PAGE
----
(Bloomberg Opinion) -- A would-be Boeing Co. takeover target has found its own dance partner.Woodward Inc., a maker of cockpit controls and engine-actuation systems, announced late Sunday that it’s merging with fellow aerospace supplier Hexcel Corp. The all-stock deal values Hexcel, a maker of lightweight composite materials, at about $7.5 billion including debt, with Woodward shareholders set to own about 55% of the combined company. While both suppliers have felt the sting of Boeing’s 737 Max grounding, executives said Sunday that the deal wasn’t a response to that crisis but rather an effort to position the combined company to better compete in the pursuit of more fuel-efficient engines.The effort to sell this merger as a play on climate change is interesting, and it shows the degree to which companies are taking seriously the increasing criticism of greenhouse-gas emissions. At the same time, it’s hard to extricate Boeing and its Max woes from the context of the deal. Just two years ago, it might have been Boeing making these kinds of arguments about the benefits of scale and combined research-and-development budgets.Boeing held preliminary talks with Woodward as it scouted targets for its push to build a services division with $50 billion in sales, according to reports in early 2018 from Bloomberg News and the Wall Street Journal. Woodward pushed back on those reports and said it wasn’t in discussions with Boeing on a possible sale. Boeing instead acquired KLX Inc.’s aerospace-distribution business for $4.25 billion and announced an auxiliary power unit joint venture with Safran SA. This added to home-grown efforts in avionics and cabin interiors and spooked investors in traditional suppliers of those parts and services.As recently as May, ex-Boeing CEO Dennis Muilenburg was talking about the prospect of additional deals in the vein of KLX – “a substantial, multi-billion dollar acquisition, but one that was complementary.” With the now 10-month Max grounding draining Boeing’s cash flow and mounting scrutiny over the company’s corporate culture and the integrity of its design process, it’s highly unlikely the company will be making acquisitions anytime soon, and entirely possible that its parts and services ambitions go no further.That creates an opportunity for its suppliers, and Woodward and Hexcel are right to seize the moment to gain more clout, particularly as it looks increasingly likely that Boeing will have to speed up development of a narrow-body successor to the 737. With new technologies requiring ever-higher levels of spending, it also just helps to have a bigger balance sheet. Woodward and Hexcel expect to spend $250 million on R&D in the first year after the deal closes, or about 5% of combined sales. That’s a roughly 15% step-up from estimated 2019 levels, notes Jefferies analyst Sheila Kahyaoglu. “Woodward and Hexcel touch nearly every aspect of aerospace design,” Hexcel CEO Nick Stanage, who will retain that role at the combined company, said on a conference call Sunday. The merged entity will be well-positioned to deliver “integrated systems that satisfy demands for aircraft aerodynamics, energy efficiency, improved safety and reduced emissions and noise.”The Woodward-Hexcel combination follows a United Technologies Corp. $100 billion buying spree over the past two years that saw the engine maker link up with avionics supplier Rockwell Collins Inc. and defense contractor Raytheon Co., as well as smaller tie-ups between Parker-Hannifin Corp. and Exotic Metals Forming Co. and TransDigm Group Inc. and Esterline Technologies Corp. Analysts expressed some caution on Hexcel and Woodward’s ambitious goal of generating $1 billion of cash flow in the first fiscal year after closing, and time will tell if the companies can follow through. But strategically, it’s a bold and smart move that should give the companies an upper hand in both the battle against climate change and any future battles with Boeing. To contact the author of this story: Brooke Sutherland at firstname.lastname@example.orgTo contact the editor responsible for this story: Beth Williams at email@example.comThis column does not necessarily reflect the opinion of the editorial board or Bloomberg LP and its owners.Brooke Sutherland is a Bloomberg Opinion columnist covering deals and industrial companies. She previously wrote an M&A column for Bloomberg News.For more articles like this, please visit us at bloomberg.com/opinionSubscribe now to stay ahead with the most trusted business news source.©2020 Bloomberg L.P.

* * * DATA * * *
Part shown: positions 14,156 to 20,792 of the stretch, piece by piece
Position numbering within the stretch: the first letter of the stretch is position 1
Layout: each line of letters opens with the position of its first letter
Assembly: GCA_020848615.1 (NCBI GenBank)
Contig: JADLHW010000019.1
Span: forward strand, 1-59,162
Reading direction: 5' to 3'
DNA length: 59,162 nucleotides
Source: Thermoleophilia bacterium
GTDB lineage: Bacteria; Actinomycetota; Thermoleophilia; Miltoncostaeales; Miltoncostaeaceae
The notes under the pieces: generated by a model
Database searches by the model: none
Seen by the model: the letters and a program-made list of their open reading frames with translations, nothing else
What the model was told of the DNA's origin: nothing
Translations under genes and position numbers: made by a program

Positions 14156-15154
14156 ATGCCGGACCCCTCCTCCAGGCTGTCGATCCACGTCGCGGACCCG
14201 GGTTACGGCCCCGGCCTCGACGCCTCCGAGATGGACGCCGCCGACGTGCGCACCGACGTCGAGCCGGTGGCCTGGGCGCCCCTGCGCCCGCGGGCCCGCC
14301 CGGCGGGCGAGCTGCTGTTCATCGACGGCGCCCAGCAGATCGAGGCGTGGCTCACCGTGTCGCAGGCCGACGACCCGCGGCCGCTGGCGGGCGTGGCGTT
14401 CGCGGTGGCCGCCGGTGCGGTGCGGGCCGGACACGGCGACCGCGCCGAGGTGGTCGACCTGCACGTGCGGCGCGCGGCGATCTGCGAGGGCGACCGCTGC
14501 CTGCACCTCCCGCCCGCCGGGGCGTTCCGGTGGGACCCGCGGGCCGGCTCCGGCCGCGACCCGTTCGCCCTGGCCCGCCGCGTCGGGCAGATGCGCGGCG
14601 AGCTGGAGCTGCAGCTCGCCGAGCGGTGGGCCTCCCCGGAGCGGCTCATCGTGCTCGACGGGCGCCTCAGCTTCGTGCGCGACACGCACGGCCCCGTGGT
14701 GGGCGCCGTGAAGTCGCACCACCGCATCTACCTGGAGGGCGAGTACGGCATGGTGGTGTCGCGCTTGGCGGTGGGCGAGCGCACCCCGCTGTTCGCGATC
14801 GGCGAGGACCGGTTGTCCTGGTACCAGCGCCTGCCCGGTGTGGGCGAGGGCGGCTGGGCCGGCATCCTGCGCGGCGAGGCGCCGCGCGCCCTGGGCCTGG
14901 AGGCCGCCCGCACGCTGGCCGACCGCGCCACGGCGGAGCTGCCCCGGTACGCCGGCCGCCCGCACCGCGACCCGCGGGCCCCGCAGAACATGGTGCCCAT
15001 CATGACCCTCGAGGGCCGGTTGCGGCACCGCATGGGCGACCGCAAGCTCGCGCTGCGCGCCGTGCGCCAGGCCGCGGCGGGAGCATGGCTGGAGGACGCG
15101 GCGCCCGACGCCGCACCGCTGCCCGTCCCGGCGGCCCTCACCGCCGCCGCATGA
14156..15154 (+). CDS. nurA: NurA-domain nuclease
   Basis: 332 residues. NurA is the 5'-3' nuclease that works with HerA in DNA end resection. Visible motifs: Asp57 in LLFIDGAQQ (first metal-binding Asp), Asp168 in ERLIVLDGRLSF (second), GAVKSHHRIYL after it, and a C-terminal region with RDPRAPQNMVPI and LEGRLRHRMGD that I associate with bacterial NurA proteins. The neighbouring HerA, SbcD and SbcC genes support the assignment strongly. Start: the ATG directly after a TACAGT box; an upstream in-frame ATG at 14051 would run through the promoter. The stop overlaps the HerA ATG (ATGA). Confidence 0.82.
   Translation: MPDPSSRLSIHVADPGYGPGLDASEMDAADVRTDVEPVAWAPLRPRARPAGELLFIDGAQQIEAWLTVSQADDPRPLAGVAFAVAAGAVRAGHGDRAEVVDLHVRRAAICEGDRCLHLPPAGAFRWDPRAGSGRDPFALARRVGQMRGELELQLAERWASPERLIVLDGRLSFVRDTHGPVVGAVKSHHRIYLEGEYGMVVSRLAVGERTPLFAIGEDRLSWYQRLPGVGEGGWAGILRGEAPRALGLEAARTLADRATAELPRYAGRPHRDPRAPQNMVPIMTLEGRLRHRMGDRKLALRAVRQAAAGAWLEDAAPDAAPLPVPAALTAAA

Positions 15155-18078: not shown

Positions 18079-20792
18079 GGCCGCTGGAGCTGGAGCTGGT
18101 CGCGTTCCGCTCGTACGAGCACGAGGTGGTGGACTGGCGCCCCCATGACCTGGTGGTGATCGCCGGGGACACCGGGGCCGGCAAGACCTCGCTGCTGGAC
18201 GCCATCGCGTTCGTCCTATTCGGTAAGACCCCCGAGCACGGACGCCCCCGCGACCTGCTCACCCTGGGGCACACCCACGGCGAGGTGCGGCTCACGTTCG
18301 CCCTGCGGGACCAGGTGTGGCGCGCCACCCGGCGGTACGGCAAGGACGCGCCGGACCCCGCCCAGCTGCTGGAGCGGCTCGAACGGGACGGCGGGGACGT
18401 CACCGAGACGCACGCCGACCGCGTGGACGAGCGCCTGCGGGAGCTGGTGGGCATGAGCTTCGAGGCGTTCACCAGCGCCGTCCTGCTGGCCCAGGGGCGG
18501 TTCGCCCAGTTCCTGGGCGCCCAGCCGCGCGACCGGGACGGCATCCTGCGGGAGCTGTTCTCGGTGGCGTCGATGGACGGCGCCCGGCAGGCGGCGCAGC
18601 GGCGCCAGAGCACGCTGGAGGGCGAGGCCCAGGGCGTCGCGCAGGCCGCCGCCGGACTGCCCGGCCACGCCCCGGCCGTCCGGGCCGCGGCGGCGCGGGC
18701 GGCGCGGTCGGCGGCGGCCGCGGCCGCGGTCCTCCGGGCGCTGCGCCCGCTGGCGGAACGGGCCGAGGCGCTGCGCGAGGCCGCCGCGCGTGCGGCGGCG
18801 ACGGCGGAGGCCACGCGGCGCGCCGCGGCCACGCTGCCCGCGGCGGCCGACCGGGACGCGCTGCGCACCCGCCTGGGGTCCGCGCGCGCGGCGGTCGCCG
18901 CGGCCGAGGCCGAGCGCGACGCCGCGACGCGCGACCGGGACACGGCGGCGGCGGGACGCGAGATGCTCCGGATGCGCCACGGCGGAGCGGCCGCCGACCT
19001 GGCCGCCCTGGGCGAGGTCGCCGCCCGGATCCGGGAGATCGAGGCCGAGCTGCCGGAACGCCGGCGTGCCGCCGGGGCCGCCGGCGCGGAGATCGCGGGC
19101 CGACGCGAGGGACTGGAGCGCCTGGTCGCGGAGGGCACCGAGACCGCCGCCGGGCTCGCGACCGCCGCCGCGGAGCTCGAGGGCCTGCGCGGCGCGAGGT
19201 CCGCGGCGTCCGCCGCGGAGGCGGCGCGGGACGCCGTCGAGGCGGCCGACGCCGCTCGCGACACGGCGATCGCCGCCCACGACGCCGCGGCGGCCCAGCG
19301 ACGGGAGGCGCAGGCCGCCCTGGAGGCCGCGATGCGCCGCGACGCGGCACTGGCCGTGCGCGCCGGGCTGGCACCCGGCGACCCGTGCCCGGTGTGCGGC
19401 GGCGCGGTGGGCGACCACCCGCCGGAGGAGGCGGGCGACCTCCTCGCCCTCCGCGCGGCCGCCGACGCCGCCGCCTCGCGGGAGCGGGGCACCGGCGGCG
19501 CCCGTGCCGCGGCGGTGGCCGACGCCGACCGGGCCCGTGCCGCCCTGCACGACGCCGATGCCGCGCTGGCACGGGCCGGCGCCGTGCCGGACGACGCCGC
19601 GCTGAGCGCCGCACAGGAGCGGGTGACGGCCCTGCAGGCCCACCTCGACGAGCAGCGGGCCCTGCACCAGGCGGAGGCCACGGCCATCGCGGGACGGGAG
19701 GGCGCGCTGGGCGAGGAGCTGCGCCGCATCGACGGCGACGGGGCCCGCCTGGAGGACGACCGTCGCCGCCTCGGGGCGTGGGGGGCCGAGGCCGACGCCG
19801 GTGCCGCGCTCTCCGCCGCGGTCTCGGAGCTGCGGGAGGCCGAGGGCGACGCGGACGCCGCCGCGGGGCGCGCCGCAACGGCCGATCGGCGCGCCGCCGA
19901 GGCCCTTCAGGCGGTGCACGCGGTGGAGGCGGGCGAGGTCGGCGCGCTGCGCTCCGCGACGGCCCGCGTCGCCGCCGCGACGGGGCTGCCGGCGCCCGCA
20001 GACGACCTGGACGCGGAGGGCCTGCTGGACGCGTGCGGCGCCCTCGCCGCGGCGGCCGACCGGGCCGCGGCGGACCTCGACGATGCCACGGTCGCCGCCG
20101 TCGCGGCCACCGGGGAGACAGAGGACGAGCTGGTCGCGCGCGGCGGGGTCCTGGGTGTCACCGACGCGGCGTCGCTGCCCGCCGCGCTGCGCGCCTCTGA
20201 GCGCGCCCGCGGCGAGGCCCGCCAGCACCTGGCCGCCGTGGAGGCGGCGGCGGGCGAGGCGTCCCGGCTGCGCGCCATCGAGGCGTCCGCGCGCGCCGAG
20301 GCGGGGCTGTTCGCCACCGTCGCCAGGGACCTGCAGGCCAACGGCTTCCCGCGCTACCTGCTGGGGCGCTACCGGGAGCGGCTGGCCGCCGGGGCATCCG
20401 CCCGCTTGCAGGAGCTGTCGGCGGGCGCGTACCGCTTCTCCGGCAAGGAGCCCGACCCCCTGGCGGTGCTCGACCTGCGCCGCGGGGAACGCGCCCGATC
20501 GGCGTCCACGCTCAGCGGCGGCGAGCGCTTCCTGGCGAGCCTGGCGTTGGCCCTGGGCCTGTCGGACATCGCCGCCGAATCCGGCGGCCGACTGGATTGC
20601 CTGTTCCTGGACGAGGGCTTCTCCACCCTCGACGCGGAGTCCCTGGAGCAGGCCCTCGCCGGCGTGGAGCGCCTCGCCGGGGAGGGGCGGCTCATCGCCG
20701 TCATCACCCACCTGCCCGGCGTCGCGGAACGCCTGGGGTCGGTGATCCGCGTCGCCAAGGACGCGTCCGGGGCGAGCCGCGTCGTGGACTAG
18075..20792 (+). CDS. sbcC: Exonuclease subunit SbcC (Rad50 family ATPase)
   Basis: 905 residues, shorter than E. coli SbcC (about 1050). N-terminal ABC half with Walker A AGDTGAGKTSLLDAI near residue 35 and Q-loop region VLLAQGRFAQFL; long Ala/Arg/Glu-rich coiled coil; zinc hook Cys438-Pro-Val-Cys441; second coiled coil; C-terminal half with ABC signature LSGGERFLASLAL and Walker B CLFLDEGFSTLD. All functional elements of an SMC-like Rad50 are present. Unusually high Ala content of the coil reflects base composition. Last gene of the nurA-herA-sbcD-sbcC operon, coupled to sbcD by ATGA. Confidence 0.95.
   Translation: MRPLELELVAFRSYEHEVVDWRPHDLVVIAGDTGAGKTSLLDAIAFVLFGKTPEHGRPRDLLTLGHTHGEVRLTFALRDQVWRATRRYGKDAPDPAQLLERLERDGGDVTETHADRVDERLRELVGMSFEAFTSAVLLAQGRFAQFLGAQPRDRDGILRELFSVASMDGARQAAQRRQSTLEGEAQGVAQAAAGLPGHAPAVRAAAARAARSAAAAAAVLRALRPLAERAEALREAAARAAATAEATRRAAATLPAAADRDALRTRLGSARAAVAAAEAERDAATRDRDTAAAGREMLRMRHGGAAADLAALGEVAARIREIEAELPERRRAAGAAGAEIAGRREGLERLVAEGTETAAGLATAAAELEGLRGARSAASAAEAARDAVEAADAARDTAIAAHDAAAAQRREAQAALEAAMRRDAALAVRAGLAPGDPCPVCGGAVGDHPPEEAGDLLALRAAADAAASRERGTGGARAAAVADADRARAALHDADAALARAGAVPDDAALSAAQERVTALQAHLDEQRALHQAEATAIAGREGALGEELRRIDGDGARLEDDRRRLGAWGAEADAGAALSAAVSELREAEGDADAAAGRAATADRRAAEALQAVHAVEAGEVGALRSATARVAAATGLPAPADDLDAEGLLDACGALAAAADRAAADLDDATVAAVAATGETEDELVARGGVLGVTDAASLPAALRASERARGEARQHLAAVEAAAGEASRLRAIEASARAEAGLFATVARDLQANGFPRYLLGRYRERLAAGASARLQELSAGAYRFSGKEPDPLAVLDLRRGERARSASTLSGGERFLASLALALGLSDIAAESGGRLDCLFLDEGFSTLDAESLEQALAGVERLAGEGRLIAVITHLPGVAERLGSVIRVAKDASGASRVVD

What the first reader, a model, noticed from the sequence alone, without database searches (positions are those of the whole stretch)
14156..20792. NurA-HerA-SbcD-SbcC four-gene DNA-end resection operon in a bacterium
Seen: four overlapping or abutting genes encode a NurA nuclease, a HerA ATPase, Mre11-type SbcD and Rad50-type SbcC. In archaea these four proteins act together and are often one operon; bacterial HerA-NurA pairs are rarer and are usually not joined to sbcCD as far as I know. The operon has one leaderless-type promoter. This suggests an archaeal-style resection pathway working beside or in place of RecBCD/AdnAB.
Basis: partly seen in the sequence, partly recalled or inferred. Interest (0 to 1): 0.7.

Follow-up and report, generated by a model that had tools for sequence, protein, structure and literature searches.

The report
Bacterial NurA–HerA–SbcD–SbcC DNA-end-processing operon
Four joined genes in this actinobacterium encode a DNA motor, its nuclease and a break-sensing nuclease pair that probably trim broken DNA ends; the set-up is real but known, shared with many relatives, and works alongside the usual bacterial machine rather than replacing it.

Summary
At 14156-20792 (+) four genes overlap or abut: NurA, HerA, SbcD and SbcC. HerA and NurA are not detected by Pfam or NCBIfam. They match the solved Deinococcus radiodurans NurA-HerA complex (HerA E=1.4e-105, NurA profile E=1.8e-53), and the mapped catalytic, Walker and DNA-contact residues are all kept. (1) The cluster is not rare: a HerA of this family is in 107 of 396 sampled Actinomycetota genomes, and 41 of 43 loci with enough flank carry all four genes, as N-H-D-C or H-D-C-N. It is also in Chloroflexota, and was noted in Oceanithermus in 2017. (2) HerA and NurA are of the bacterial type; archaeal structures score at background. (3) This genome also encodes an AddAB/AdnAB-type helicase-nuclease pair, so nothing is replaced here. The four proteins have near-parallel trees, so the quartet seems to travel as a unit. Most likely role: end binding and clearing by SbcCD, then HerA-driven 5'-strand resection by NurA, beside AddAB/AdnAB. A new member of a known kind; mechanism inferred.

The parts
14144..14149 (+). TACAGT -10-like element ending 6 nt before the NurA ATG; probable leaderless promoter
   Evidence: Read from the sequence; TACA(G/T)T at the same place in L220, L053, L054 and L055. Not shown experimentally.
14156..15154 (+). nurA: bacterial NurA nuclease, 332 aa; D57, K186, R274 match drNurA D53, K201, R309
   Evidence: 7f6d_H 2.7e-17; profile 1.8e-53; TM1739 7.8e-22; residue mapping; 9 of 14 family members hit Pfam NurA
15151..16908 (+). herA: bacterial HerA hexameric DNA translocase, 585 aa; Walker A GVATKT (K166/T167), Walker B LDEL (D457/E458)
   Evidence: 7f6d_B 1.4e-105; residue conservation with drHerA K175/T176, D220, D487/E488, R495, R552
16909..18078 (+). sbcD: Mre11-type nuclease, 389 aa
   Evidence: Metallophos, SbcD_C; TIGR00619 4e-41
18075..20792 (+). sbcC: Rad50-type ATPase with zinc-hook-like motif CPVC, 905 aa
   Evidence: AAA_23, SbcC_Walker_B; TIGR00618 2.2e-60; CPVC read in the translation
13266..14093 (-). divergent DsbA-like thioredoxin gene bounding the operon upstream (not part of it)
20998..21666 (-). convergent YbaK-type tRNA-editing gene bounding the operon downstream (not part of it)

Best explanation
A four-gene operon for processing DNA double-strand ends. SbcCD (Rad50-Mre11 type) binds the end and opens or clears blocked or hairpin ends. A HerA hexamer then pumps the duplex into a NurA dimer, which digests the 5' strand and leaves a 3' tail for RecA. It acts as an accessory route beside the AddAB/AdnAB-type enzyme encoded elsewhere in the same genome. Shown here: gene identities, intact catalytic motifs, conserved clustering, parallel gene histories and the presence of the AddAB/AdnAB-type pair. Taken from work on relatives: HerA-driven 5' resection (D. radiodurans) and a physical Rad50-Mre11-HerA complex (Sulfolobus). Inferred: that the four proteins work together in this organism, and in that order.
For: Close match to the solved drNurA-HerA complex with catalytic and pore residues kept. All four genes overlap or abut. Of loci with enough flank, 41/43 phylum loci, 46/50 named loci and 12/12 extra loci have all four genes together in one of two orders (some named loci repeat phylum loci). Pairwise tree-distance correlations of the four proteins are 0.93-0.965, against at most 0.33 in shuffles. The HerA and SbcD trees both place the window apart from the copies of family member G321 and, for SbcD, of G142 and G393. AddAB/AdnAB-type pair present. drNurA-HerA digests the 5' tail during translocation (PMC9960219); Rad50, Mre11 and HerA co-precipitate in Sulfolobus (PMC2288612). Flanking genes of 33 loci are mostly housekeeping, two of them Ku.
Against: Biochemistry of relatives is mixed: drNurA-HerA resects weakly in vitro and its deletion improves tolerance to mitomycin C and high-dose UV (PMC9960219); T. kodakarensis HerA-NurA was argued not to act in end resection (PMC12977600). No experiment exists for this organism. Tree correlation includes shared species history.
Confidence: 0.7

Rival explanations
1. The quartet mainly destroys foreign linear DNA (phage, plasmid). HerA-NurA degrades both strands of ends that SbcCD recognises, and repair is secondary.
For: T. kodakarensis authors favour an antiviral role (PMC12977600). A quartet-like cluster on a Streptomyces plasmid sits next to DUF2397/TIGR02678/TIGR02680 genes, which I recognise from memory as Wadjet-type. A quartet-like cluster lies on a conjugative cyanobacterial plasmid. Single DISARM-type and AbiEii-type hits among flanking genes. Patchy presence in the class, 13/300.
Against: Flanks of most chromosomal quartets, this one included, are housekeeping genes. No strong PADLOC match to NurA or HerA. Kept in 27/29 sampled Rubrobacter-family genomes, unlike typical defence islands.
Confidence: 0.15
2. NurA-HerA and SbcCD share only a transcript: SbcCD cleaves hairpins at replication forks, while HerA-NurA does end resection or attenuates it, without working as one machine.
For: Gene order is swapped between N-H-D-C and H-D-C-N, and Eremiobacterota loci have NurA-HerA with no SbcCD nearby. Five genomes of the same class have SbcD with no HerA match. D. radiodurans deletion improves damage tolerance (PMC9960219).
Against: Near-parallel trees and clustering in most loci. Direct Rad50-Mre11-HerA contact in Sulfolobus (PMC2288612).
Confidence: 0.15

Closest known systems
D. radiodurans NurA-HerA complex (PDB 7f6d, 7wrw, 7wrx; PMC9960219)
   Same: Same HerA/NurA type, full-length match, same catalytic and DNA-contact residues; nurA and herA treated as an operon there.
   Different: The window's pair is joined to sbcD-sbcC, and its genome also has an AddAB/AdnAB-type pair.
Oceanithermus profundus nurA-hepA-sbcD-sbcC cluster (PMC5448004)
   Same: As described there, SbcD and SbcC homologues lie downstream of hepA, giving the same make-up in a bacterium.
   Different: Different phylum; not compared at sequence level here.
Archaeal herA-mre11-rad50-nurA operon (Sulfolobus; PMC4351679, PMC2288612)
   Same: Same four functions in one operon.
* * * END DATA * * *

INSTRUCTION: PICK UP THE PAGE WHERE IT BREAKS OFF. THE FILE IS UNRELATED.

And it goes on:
BEIJING/PARIS (Reuters) - Development of China’s C919 single-aisle plane, already at least five years behind schedule, is going slower than expected, a dozen people familiar with the programme told Reuters, as the state-owned Commercial Aircraft Corporation (COMAC) struggles with a range of technical issues that have severely restricted test flights. Delays are common in complex aerospace programmes, but the especially slow progress is a potential embarrassment for China, which has invested heavily in its first serious attempt to break the hold of Boeing and Airbus on the global jet market. COMAC engineers miscalculated the forces that would be placed on the plane's twin engines in flight - known in the industry as loads - and sent inaccurate data to the engine manufacturer, CFM International, four people familiar with the matter told Reuters.